NEW REVIEW GO STOMP In this era of high-tech theatrical extravaganzas, every so often a show comes along whose conceptual framework makes you appreciate the refreshing virtue of simplicity. Such is the case with this percussive spectacle, now in its 15th year of rattling audience eardrums. For the uninitiated, the show is a collage of choreography, dance, performance art and percussion pyrotechnics generated by an eight member troupe who use a mind-boggling array of “found” instruments to make music. These include trash cans, kitchen items, steel drums, matchbooks, push-brooms and even, yes, the kitchen sink. From start to finish, co-creator and director Luke Cresswell and Steve McNicholas put these performers through their paces, with one sweat-inducing routine after another. The opening segment using bush brooms starts out placidly enough, but it soon morphs into a fiery, imaginative tempest of rhythmic clatter. One of the most stunning moments occurs when the lights darken, and the troupe use the “click” of zippo lighters to create a tune, which is given more impact by the flames. Most remarkable about this 90-minute show is the seemingly endless variety of sound and tonal effects that emerge from what are properly considered commonplace items (my favorite: a number done with crumbled newspapers). And the creators have tossed in a nod to circus tradition with an engaging bit of clown antics. Pantages Theater, 6233 Hollywood Blvd.; Tues.-Fri., 8 p.m., Sat., 2 & 8 p.m., Sun., 1 & 6:30 p.m.; thru Feb. 7. (800) 982-2787. A Broadway L.A. presentation. (Lovell Estell III)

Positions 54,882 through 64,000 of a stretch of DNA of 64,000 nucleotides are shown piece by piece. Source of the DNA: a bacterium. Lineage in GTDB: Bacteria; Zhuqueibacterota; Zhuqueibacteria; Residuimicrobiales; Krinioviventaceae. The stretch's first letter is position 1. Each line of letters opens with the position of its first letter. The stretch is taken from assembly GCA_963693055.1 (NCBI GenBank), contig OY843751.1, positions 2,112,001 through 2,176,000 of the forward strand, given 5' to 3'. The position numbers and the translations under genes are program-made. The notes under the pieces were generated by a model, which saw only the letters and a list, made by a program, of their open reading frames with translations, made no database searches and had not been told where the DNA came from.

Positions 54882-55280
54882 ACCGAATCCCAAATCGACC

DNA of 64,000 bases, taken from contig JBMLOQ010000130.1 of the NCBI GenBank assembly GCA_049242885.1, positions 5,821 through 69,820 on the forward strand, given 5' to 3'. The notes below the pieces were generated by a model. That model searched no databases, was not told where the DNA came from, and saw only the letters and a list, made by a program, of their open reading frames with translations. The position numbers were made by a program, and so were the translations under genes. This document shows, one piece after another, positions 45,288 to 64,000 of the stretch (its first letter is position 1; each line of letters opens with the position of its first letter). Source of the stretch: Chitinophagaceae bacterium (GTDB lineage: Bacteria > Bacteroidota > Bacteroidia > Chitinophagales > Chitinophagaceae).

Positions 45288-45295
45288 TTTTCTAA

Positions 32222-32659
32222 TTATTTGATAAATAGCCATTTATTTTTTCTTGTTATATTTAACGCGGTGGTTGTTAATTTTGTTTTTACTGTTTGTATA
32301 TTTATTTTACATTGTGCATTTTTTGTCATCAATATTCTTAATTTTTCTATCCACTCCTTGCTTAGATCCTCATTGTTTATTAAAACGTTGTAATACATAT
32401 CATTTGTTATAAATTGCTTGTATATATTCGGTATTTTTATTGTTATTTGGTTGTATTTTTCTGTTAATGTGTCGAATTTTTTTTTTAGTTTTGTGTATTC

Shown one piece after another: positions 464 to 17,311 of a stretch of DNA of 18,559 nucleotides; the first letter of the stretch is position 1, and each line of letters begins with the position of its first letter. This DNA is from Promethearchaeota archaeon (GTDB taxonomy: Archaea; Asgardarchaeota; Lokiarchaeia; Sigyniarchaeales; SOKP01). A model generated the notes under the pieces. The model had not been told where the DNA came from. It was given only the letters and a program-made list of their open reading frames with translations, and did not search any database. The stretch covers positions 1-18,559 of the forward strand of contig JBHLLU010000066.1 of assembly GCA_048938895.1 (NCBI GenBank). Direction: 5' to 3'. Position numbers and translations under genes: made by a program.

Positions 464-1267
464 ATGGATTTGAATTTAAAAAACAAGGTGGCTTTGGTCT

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Photo courtesy of the Carptenter Center for the Performing Arts

Thirty years ago, Stephen Sondheim's gothic melodrama arrived on Broadway as the game-changer that would usher in an era of operatic opulence in musical theater – paving the way for Les Miserables, Miss Saigon and The Phantom of the Opera. In the decades that followed, Sweeney enjoyed revivals throughout regional theatre, joined the repertoire of legit opera companies and was finally revived in a reduced concept in which the ten performers also doubled as their own small orchestra. But now Musical Theatre West has returned Sweeney to his grand guignol roots with a vast productions, faithful to Hal Prince's original production. Director Calvin Remsberg, who toured as Beadle Bamford with the original Broadway cast, has recreated the original's power and majesty with help from a uniformly outstanding cast, partnered with musical director John Glaudini and his full orchestra. Not a moment of the nearly three-hours lags in this gruesome story of the vengeful barber and the bake shop proprietress Mrs. Lovett who contrive to make meat pies from unsuspecting tonsorial clients. Norman Large earns his last name in his huge performance as the cut-throat, and Debbie Prutsman is truly as fine as Angela Lansbury was in 1979. Carpenter Performing Arts Center, 6200 Atherton St., Long Beach; Thurs.-Fri., 8 p.m.; Sat., 2 & 8 p.m.; Sun., Feb. 7, 2 & 7 p.m.; Sun., Feb. 14, 2 p.m.; thru Feb. 14. (562) 985-7000. A Musical Theatre West production (Tom Provenzano)